April 19, 2024
Bitcoin News

Australian Fintech Seeks Crypto Clarity Amid Bitcoin-Backed Loan Launch

Australian fintech firm Block Earner is forging ahead with its plans to introduce a crypto-backed loans product, despite facing an upcoming court date with financial regulators over allegations of offering financial products without the necessary license.

This new crypto loan offering enables Australian crypto investors to utilize their cryptocurrency holdings as collateral to secure cash loans. Similarly, SALT, a lending platform based in Colorado, extends crypto-backed loans to clients in the United States. Earlier this year, major cryptocurrency exchange Coinbase provided a similar service to its U.S. customers but later discontinued it in May.

The initial release of Block Earner’s crypto loan product is anticipated at the end of September, initially supporting loans backed by Bitcoin as collateral.

Charlie Karaboga, co-founder of Block Earner, informed Cointelegraph that these new loan products have been carefully designed to align with existing licensing models in a conservative manner.

Karaboga’s firm encountered legal issues last November when it was sued by the Australian Securities and Investments Commission for allegedly offering crypto-linked fixed-yield earning products without holding an Australian Financial Services (AFS) license.

At that time, Karaboga criticized the regulator for its lack of clarity, asserting that his firm had invested significant time and resources into developing products he believed complied with ASIC’s existing guidelines.

“Our stance remains unchanged. There is a lack of clear regulation in Australia,” Karaboga added. “Like any fintech company, we sought legal opinions before launching the product. We believe there was insufficient regulation or licenses for us to apply for.”

However, Charlie noted that the regulatory actions against Block Earner and rival crypto firm Finder were largely reactive, likely triggered by the collapse of FTX in November.

“We were impacted, likely because our product was more visible compared to others, as they were using it as an ancillary product, while we were offering it as a core product,” he explained.

Despite remaining unaffected by the FTX fallout, Karaboga decided to discontinue the company’s “earn” products and reimbursed all users in response to ASIC’s legal action.

The company seems to have learned from its past experience. James Coombes, the head of business at Block Earner, stated that the new launch would not face the same fate as their Earn product since it already complies with the rules governing Australian credit licenses.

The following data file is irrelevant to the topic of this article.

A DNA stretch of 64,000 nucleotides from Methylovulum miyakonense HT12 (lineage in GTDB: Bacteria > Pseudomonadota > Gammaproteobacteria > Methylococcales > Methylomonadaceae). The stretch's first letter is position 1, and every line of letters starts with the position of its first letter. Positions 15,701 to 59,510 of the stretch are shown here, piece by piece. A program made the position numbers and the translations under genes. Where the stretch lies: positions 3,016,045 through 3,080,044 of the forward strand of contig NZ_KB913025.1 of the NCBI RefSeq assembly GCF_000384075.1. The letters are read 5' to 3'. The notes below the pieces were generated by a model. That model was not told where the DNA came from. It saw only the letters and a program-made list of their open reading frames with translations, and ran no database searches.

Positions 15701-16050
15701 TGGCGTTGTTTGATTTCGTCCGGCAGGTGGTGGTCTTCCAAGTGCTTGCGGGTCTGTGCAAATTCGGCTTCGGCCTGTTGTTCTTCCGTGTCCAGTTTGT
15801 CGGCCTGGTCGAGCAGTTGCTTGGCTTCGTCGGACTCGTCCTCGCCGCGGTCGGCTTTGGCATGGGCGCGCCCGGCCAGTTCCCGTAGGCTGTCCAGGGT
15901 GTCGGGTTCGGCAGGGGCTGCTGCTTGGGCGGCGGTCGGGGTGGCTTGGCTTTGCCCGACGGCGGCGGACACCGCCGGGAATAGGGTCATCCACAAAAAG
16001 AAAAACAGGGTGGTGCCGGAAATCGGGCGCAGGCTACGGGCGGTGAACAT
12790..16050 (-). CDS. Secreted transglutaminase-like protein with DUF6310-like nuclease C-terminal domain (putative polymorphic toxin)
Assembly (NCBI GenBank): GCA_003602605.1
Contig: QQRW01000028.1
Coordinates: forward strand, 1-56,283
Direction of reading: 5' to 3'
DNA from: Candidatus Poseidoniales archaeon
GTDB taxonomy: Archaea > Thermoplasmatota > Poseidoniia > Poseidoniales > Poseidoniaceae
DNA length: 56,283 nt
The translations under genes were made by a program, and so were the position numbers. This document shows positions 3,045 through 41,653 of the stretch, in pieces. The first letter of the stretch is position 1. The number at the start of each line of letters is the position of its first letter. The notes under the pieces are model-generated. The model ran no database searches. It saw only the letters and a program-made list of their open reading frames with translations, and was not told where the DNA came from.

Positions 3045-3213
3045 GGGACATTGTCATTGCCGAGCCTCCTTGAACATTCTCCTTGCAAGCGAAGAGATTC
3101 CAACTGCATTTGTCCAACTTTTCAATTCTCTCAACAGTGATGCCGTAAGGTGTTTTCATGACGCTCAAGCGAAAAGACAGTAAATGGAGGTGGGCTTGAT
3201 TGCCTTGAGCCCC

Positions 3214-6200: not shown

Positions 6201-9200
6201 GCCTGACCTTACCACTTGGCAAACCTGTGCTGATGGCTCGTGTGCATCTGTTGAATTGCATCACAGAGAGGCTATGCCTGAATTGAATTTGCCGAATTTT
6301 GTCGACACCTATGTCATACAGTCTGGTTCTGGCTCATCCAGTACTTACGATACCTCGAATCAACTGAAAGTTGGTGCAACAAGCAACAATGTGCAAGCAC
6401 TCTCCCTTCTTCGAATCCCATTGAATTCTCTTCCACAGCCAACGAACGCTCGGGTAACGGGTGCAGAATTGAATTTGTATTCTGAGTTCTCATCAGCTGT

“There is a fundamental difference,” Coombes explained. “With the Earn product, there was uncertainty about whether a license was required, and that’s why we had differing opinions. However, in this case, the clear guidance is that a license is necessary to offer consumer credit, so we obtained the license.”

Hopes for Regulatory Clarity
Looking ahead, Karaboga expressed optimism that quicker regulatory advancements in jurisdictions like Singapore, Hong Kong, and the United Kingdom would compel the Australian government to catch up, or else risk losing its share of the crypto enterprise market.

“I expect that within the next 12 to 18 months, we’ll witness more regulatory clarity,” Karaboga stated. He explained that because Australia boasts one of the highest per-capita GDPs and its citizens were early adopters in the crypto industry, they have become attractive targets for scammers.

Ultimately, Karaboga asserted that domestic regulators are strongly supportive of crypto and are eager to encourage innovation in the sector. This viewpoint was shared by Binance Australia General Manager Ben Rose, who recently expressed confidence that Australian regulators would favor crypto in the long term.

As of September 6, Coinbase listed Australia as one of its primary expansion locations outside the U.S.

Block Earner’s Federal Court hearing is scheduled for November of this year, with a decision expected by January.

Photo by Karolina Grabowska

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